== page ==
By Fr. Frank J. Timar, MSC (Illinois Community, Aurora, IL)


Two women hold center stage in this reflection. The story of the first is told in the Book of Kings. The second story is told by the evangelist, St. Mark. It is important that we not romanticize them. Poverty and starvation are not beautiful. We in our day and age can easily miss how incredible these women are. These two widows show us what real faith and trust is like, and we need to take a closer look to really appreciate what they offer us.

There were many widows and orphans in Israel affected by an extended drought, when Elijah was the prophet. His own king and his own community rejected him. So, he goes to Zarephath in Sidon of Phoenicia which is modern day Lebanon. Why would he go to another country, to a people who had never prayed to the God of the Hebrews? Why should he even bother to save those foreigners?  Maybe it was God’s way of telling us that everybody is important to Him. Elijah told a poor widow that if she gave him food and drink, the God of Israel would bless her. She did provide for him, and God did bless her. After hearing this story, I asked myself if I would hand over the last bit of food I had, the last meal for my own hungry child, to some foreign holy man? This desperate woman does something so contrary to our instincts that we have a difficult time trying to grasp this. She puts her trust in a God she does not see or know. And her reward is food for a year, outlasting the drought itself.

Our second story is about a Jewish widow. Maybe she has children to care for and maybe she is all alone in a non-caring world. She is not starving, but life is hard and she is down to her last two coins. Picture her now in the Temple in Jerusalem. The fact that she puts the coins in herself tells us about her dire economic status. There’s no man to do it, not a father, not a husband not a son. That puts her in the poorest of the poor category: a woman with no man to take care of her in a society dominated by males. Jesus notices her, probably the only one to do so. She has two coins and puts both in the treasury. She holds nothing back for tomorrow. God is her future! Today, Jesus doesn’t have to tell a story. This woman is the story.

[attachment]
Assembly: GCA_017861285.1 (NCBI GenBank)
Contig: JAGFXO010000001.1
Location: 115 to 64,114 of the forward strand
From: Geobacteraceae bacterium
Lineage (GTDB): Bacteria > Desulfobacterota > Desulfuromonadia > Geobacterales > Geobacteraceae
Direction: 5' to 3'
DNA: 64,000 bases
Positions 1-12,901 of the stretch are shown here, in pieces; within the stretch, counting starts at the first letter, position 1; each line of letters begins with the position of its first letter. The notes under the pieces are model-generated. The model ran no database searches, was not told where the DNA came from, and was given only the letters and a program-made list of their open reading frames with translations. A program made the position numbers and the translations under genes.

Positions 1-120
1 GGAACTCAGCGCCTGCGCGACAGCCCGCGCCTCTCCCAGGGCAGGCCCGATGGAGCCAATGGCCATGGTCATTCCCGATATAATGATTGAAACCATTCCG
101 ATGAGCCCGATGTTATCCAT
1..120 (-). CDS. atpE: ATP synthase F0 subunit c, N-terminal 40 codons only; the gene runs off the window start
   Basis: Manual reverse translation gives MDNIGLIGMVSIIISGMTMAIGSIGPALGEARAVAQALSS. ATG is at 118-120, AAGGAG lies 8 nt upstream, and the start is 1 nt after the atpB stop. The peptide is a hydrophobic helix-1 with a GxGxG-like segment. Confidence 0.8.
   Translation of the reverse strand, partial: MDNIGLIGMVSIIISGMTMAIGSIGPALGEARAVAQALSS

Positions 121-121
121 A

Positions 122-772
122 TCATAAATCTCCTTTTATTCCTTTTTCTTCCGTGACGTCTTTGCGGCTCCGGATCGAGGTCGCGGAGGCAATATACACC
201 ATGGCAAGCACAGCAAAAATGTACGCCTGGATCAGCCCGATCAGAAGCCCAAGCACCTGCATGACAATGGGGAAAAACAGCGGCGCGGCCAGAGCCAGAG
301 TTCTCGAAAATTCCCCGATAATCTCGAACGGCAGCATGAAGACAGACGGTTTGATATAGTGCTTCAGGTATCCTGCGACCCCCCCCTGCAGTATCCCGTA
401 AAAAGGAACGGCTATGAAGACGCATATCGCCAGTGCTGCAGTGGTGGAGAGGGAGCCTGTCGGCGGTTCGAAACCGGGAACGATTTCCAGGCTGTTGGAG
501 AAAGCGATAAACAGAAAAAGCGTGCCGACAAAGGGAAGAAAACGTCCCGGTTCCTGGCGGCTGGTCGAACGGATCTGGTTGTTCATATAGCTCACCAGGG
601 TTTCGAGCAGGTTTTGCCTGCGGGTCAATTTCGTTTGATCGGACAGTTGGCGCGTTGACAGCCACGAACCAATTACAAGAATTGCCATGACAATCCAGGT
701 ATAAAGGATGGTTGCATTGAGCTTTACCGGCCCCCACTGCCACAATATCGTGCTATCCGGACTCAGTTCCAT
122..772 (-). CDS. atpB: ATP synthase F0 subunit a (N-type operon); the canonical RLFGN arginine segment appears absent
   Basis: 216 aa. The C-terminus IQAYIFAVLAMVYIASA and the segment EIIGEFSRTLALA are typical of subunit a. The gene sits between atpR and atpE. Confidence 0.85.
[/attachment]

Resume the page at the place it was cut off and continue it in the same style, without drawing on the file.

What beautiful role models these two widows are! Both of these women are literally risking their lives to give. Their focus must be survival, their own and their children’s. And yet, what good Samaritans they are.

It has to be embarrassing to those who are well-off that it is often the poorest people and those struggling the most that show the greatest charity, who risk the most to love their neighbor. They are answering Jesus’ challenge: “Go, sell what you have, and give to the poor, and then come follow Me.”  No doubt there were times when someone did something for you that was totally unexpected? It’s a wonderful feeling to get help when you really need it, or to have someone do a huge favor for you. Jesus’ poor widow and Elijah’s widow are a preview of Jesus’ total reliance on His Father. Jesus gave His all; He held nothing back. He gave His life so that we may live. Trusting totally in His Father, His dying words were, “Father, into your hands, I commit My Spirit.”. We have so much for which to be grateful as we contemplate Jesus’ ultimate sacrifice?

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